Rundown of how each Effective C++ item relates to Swift

In this post we talked about how some of the items in Effective C++ might apply to Swift.

Many of the entries highlighted some limitations on the part of Swift, so some might think this post was a criticism of Swift.  Actually far from it – many of the items in Effective C++ are pointing out dangers of C++ where you can shoot yourself in the foot if you aren’t careful.  In most cases, when you look at the equivalent issue in Swift, it’s a non-issue.

For completeness, here is a rundown of every item, what kind of article it is, and how it applies to Swift:

Item Danger or benefit? In Swift
1: View C++ as a federation of languages Probably a benefit? Applies the same
2: Prefer consts, enums and inlines to defines Pre-processor dangerous! No preprocessor!  No reflection or lisp-style macros either tho.
3: Use const whenever possible Benefit let and mutating are there, but they only go so far. 
4: Make sure that objects are initialized before they’re used Danger Fully locked down, you have to initialize variables properly.
5: Know what functions C++ silently writes and calls Bit of both Swift writes some init methods automatically, though it’s nowhere near as potentially confusing as C++
6: Explicitly disallow the use of compiler-generated functions you do not want Benefit Doesn’t really apply to Swift
7: Declare destrutors virtual in polymorphic base classes Danger Not an issue, every method is virtual in Swift classes.
8: Prevent exceptions from leaving destructors Danger No exceptions in Swift!
9: Never call virtual functions during construction or destruction Danger Swift’s enforcement of initializing the super and all member variables helps prevent this problem
10: Have assignment operators return a reference to *this More of a convention No assignment (or copy constructors) in Swift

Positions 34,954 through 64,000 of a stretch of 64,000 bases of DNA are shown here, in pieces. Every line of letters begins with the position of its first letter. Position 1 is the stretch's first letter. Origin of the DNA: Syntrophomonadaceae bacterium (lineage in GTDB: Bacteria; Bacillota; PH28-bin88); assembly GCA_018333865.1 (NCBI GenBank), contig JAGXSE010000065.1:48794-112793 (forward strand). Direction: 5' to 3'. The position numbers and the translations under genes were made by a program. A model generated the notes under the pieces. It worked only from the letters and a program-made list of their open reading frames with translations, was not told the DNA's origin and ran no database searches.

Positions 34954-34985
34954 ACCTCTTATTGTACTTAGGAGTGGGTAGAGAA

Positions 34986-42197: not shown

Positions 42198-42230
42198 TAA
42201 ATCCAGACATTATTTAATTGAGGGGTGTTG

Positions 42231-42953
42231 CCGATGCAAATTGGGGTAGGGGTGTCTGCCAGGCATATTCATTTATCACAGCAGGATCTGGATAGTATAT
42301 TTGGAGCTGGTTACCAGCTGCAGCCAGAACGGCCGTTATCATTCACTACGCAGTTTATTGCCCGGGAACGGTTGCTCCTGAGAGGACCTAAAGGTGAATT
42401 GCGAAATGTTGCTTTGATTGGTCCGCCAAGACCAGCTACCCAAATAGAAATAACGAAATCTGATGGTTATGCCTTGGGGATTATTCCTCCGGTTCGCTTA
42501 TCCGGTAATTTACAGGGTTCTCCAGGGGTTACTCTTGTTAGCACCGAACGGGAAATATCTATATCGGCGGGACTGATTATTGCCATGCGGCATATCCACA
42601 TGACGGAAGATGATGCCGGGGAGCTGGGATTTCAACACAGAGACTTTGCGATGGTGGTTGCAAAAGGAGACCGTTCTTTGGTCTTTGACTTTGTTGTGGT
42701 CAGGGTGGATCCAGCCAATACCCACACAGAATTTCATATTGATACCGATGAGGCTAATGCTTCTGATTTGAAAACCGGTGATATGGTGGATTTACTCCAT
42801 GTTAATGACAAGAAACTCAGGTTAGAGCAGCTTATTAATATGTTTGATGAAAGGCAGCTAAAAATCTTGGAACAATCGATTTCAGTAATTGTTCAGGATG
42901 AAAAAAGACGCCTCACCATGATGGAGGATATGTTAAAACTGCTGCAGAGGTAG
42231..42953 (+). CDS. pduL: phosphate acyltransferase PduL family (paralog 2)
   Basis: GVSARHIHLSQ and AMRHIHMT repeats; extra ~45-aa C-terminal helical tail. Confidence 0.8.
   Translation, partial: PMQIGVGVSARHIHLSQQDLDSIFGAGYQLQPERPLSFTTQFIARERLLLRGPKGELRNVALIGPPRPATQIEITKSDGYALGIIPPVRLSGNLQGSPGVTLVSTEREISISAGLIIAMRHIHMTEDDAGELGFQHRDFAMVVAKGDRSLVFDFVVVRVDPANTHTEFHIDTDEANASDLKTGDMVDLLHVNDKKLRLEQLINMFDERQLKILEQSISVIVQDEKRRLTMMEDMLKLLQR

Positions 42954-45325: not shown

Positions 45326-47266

11: Handle assignment to self in operator= Danger No assignment (or copy constructors) in Swift
12: Copy all parts of an object Danger Still dangerous, but without as good tools to fix it (no copy constructors on structs!)
13: Use objects to manage resources Benefit ARC + deinit = same benefit!  So long as you’re careful about variable capture.
14: Think carefully about copying behavior in resource-managing classes Good advice Good advice applies, take it
15: Provide access to raw resources in resource-managing classes Good advice Good advice applies, take it
16: Use the same form in corresponding uses of new and delete Bit of both No need for explicit memory management in Swift.  That’s good, right?
17: Store newer objects in smart pointers in standalone statements Bit of both ARC means every pointer in Swift is a smart pointer, so all good.
18: Make interfaces easy to use correctly and hard to use incorrectly Good advice Good advice applies, take it
19: Treat class design as type design Good advice Good advice applies, take it
20: Prefer pass-by-reference-to-const to pass-by-value Bit of both Doesn’t really apply to Swift, though I wish it had proper const support.
21: Don’t try to return a reference when you must return an object. Danger ARC means every pointer in Swift is a smart pointer, so all good.
22: Declare data members private Benefit No public/private in Swift – yet.  It’s coming apparently.
23: Prefer non-member non-friend functions to member functions Bit of both Seems to apply the same to Swift.
24: Declare non-member functions when type conversions should apply to all parameters Bit of both Type conversion in Swift is very different, and rarely implicit, so this doesn’t really apply.
25: Consider support for a non-throwing swap Bit of both No exceptions in Swift, so your swap will definitely be non-throwing.